If you've had a bad year. I've seen this with people, they're so frustrated by now. They're so distracted and so disengaged from the business, because they just don't know what to do. The last few months of the year become even worse, and it's just a burden showing up every day. So I encourage all of you, finish this year strong, there are only a couple of months left. Oh, we got OrthoPreneurs coming up. And you know, for a lot of you out there, the daily grind. And this is what you face, whether you're having success, you're having failure, you know, whatever it is, you all can relate to the daily grind, right? You're trying to make the daily grind as minimum as you can, as fun as you can. And obviously, when you're growing that's easier to do.

But you all can relate to the fact that you have to have fun, and it's so hard for adults to do. One of the things I'm going to be talking about a little bit at the OrthoPreneur event, and for those of you, by the way, I'm looking forward to seeing the New Patient Group clients, a lot of you I see a lot so obviously I'm looking forward to seeing you again. There's also ones that are going to be there that I've never met before. Maybe they have a service with us that doesn't you know, it's more on the virtual side of things or maybe it's just our online marketing, as an example. So I'm really looking forward to meeting those people for the first time, and then some of you I've met but not we don't get to see each other often. It's gonna be awesome. Wright Chat, as well. And I've gotten a lot of text messages from podcast listeners out there that are excited and I'm excited too. You know, we go on stage Saturday morning, you know, where it's going to be brand new content. So all of you it's going to be brand new content whether you're a client or not. There's here's always a little bit of a risk when you deliver brand new content to large audiences. But I'm very confident that you're going to get a lot out of this, and it's really going to motivate you to forever think differently on how to achieve greatness in your life, in your career, and if you're a business owner, in your business and your practice.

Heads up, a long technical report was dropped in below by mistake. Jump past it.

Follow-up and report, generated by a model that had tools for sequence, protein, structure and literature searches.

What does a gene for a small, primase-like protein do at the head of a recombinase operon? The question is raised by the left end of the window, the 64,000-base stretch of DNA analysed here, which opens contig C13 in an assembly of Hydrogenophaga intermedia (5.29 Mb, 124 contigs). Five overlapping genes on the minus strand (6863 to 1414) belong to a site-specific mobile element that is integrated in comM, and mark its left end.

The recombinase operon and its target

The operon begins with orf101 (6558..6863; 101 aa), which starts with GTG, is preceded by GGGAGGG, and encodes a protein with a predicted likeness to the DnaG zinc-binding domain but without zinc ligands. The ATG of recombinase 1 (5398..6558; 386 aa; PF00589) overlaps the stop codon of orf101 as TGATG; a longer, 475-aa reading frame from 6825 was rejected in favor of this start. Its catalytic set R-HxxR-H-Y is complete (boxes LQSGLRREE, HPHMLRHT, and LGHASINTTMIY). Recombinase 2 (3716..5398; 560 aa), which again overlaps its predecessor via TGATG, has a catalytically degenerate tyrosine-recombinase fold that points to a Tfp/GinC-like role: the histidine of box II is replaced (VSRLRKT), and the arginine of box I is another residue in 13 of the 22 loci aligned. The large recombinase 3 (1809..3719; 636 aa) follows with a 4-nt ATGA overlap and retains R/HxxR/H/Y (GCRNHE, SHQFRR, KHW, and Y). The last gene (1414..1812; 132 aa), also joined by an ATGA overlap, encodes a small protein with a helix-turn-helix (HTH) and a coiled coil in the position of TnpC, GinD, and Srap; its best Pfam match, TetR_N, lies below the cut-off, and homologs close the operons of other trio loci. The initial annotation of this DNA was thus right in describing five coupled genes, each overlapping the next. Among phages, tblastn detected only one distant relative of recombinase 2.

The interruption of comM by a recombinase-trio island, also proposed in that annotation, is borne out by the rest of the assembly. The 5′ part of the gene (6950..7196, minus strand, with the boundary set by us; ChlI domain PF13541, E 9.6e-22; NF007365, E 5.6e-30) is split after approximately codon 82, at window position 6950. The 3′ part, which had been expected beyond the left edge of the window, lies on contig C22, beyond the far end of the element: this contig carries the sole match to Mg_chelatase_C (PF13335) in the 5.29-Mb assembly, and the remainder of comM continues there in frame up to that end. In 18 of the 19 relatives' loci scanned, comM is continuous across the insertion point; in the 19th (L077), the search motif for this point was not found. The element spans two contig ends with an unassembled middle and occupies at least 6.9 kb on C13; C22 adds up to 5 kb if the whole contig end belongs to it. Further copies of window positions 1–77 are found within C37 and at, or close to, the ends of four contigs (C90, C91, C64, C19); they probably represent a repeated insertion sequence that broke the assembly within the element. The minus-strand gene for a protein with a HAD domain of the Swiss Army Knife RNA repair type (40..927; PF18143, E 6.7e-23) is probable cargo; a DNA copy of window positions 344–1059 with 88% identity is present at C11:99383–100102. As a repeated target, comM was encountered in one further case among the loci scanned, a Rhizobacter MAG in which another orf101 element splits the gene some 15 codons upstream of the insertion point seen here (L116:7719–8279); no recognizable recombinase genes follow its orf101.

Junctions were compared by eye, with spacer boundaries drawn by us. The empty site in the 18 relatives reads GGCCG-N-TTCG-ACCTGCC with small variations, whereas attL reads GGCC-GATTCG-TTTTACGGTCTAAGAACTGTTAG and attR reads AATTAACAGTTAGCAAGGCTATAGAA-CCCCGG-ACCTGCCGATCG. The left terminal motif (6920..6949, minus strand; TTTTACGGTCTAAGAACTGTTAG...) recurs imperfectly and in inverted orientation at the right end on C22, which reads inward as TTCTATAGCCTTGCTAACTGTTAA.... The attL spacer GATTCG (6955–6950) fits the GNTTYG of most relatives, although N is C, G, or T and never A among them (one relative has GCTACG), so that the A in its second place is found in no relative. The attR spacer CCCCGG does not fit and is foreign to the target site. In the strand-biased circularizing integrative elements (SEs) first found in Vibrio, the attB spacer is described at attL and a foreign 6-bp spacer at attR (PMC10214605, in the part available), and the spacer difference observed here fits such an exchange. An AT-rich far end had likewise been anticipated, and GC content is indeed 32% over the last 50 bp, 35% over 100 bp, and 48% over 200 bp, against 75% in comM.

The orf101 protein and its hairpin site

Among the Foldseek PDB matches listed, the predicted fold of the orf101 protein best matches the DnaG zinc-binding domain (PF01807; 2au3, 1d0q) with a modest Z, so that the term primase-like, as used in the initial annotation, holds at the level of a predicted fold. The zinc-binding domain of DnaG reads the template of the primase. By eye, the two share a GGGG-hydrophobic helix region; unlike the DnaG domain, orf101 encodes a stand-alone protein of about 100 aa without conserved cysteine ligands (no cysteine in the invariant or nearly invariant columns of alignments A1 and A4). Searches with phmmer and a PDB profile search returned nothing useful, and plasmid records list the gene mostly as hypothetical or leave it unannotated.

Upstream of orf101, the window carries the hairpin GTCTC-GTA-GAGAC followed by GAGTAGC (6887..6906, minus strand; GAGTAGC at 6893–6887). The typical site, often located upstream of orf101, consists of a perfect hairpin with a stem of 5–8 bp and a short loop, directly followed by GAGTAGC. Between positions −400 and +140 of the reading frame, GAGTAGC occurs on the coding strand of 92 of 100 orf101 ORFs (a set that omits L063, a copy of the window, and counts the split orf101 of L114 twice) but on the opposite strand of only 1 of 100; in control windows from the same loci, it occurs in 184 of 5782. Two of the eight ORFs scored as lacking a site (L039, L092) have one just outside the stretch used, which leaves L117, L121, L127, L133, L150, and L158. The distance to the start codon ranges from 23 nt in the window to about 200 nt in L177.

So looking forward to delivering that content onstage Saturday morning, it's going to be great. New Patient Group clients just to make sure. So in the mastermind chat thread, make sure to check it out. Because Thursday prior to - I believe there's an OrthoPreneur event, Thursday night, kind of a kickoff thing. Prior to that, we're going to have a little happy hour get-together, just mingle, build the rapport, you know, build that culture, you know that we have that’s so exceptional here with the relationships we have with you, you have with us. So really looking forward to that. You're not allowed to have too many drinks, though, because there's going to be another party that OrthoPreneurs is throwing after. So I want you to be coherent, but we'll get one or two in there. And it'll be good stuff. But back to back to what I was talking about just momentarily, just a little bit ago. You know, here's the thing that we all face with that daily grind and why and why I even brought it up is for those of you going to OrthoPreneurs, you if you're not you need to do more things like that. Do you have to go to OrthoPreneurs, of course not.